Topalov on the Lead

After the miraculous save in round one Veselin Topalov revived and took control of his tournament destiny in Stavanger. Three rounds later he is already a sole leader. His last win was against Levon Aronian of Armenia:
A game that I liked (ChessBase 13)

[Event "Norway Chess"]
[Site "?"]
[Date "2015.06.19"]
[Round "4.1"]
[White "Topalov, Veselin"]
[Black "Aronian, Levon"]
[Result "1-0"]
[WhiteElo "2798"]
[BlackElo "2780"]
[Annotator "Bojkov, Dejan"]
[PlyCount "115"]
[EventDate "2015.??.??"]
[WhiteClock "0:20:27"]
[BlackClock "0:20:29"]

1. d4 Nf6 2. c4 e6 3. Nf3 d5 4. Nc3 Bb4 {Aronian's passion for the Ragozin is
not a top secret.} 5. Bg5 h6 6. Bxf6 Qxf6 7. Qa4+ {Diagram [#] Topalov is as
usual very well prepared for the game and chooses a fashionable line. The
Armenian GM was tested in the Carlsbad type of positions that arise after the
capture on d5 in Wijk an Zee. By Magnus Carlsen himself.} Nc6 8. e3 O-O 9. Be2
({Kramnik chose a different approach that suits his style} 9. Rc1 Qg6 10. Qc2
Qxc2 11. Rxc2 Rd8 12. a3 Bf8 13. Nb5 Rd7 14. Bd3 a6 15. Nc3 Ne7 16. Ke2 Rd8 17.
b4 {with somewhat better position for White in Kramnik,V (2783)-Aronian,L
(2777) Zuerich 2015}) 9... dxc4 10. O-O Bd7 11. Bxc4 {Diagram [#] The
statistics of this line is quite favourable for White.} Bxc3 {Somewhat
unexpected. Black parts with the bishop pair and is happy to trade a pair of
light pieces. Still, his position looks rather passive. Black had also tried:}
(11... Qe7 12. Qc2 Rac8 13. a3 Bd6 14. b4 {White looks great for White as} e5
$6 {leads to big advantage after} 15. Nd5 Qd8 16. b5 $16 {Iotov,V (2560)
-Kacheishvili,G (2612) Richardson 2012}) ({A more common idea is to prepare
the freeing e6-e5 advance with} 11... Bd6 {Although White had also proved some
advantage here with} 12. Ne4 Qe7 13. Qc2 e5 14. d5 Nd8 15. Nxd6 cxd6 16. Rac1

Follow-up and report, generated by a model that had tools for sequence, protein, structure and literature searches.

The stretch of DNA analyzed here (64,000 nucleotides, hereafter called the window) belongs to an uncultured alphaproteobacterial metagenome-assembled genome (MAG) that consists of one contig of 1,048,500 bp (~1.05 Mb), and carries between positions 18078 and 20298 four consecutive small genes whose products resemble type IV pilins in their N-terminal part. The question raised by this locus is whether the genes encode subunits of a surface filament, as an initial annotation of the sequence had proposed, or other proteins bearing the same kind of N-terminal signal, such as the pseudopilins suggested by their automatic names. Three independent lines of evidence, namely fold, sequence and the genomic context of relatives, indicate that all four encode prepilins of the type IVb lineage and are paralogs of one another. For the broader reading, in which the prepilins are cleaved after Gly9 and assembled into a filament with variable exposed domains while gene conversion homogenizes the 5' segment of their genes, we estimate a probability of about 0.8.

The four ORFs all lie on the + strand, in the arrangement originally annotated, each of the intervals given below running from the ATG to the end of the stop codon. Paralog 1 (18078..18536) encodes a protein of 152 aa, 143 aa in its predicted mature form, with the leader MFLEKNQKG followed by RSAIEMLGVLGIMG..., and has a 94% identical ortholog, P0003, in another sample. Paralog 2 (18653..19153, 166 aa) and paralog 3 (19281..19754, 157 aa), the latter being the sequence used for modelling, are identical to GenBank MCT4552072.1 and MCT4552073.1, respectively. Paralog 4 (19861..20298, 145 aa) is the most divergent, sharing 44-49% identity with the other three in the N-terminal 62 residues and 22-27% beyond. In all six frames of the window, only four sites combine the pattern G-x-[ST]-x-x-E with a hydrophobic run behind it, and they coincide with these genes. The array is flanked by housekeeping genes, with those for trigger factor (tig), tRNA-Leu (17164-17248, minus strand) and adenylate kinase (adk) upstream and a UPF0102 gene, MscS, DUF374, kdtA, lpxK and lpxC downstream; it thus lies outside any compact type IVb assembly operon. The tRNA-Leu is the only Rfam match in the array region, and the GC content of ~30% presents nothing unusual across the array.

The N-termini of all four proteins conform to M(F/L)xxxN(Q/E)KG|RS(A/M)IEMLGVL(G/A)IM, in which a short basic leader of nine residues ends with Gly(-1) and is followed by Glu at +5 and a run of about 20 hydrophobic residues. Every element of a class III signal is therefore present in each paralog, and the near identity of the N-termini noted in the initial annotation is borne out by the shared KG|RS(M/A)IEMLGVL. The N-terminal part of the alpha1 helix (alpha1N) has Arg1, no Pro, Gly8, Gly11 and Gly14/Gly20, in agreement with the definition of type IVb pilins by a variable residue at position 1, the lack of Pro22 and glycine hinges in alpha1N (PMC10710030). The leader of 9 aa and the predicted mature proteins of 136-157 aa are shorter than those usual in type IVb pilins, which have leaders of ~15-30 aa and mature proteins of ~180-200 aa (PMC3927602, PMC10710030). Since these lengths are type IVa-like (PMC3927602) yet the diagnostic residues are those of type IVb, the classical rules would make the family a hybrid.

$14 {Wagner,D (2481)-Landa,K (2640) Germany 2013}) 12. bxc3 Rfd8 13. Be2 $146 {
[%csl Ga4,Rc6][%cal Yc6d4,Ya4d4,Ra4a5] Diagram [#] A novelty which prevents
the threat Nc6xd4. For the time being Topalov keeps the queen on a4 not
letting the freeing operation that Aronian have used before (Nc6-a5 followed
by c7-c5). (See the game below)} ({Not long ago the Armenian GM had to defend
against the immediate} 13. Qa3 {He did well after} Qe7 14. Qb2 Na5 15. Bd3 c5
16. e4 Be8 17. Rad1 cxd4 18. cxd4 Rac8 $11 {Shankland,S (2661)-Aronian,L (2770)
Tsaghkadzor 2015}) ({Also} 13. Qc2 {had been tested some days ago} Na5 14. Bd3
c5 15. Ne5 Be8 16. f4 {Hansen,C (2621)-Hammer,J (2665) Oslo 2015}) 13... Be8 {
This renews the threat Nc6xd4 and forces the white queen to move.} ({In case of
} 13... Qe7 {White can make an useful move} 14. Rab1) ({Generally speaking
Black would be happy to trade more pieces but after} 13... Ne5 14. Qb4 Nxf3+
15. Bxf3 {the difference between the bishops is too big.}) 14. Qa3 (14. Rab1 $2
{drops a pawn after} Nxd4) (14. Qc2 $5 {deserves attention.}) 14... Qe7 {Black
is happy to trade queens as the strong white center will not be as dangerous
in the endgame.} 15. Qb2 (15. Qxe7 Nxe7 16. Rab1 b6 $11) 15... Na5 $6 ({A
safer choice seems} 15... b6 {followed by Nc6-a5 after that.}) 16. Qb4 $1 {
[%csl Yc7,Ye8][%cal Rc3b4,Gc1c7] Diagram [#] Now Topalov offers the trade
himself! But in the process he changes the pawn structure in his favour. He
opens the "c" file for his rooks and can later attack with his "a" and "b"
pawns.} Qxb4 17. cxb4 Nc6 18. Rab1 $14 {Topalov got slight but comfortable
advantage from the opening. His plan is Rf1-c1, a2-a4 and b4-b5 in the proper
moment.} a5 $1 {Aronian does not want to stay still and opens a file for his
rooks.} 19. bxa5 Nxa5 20. Rfc1 Rdc8 21. Ne1 $1 {[%csl Yb7,Yc7][%cal Ge1d3,
Gd3c5,Ye2f3,Yf3b7] Diagram [#] Nice regroupment. White plans Be2-f3 and
Ne1-d3-c5.} Ra7 ({The black bishop can not get activated with} 21... Bc6 22.
Nd3 Bd5 {due to} 23. Nb4 b6 $2 24. Nxd5 exd5 25. Bg4 {and White wins a pawn.})
22. Nd3 Nc6 23. Bf3 Nd8 $1 {[%csl Ya2,Ga7,Yb7][%cal Ga7a2,Rd8b7] Diagram [#]
Nice regroupment by Aronian now. The knight gets back but opens the "a" file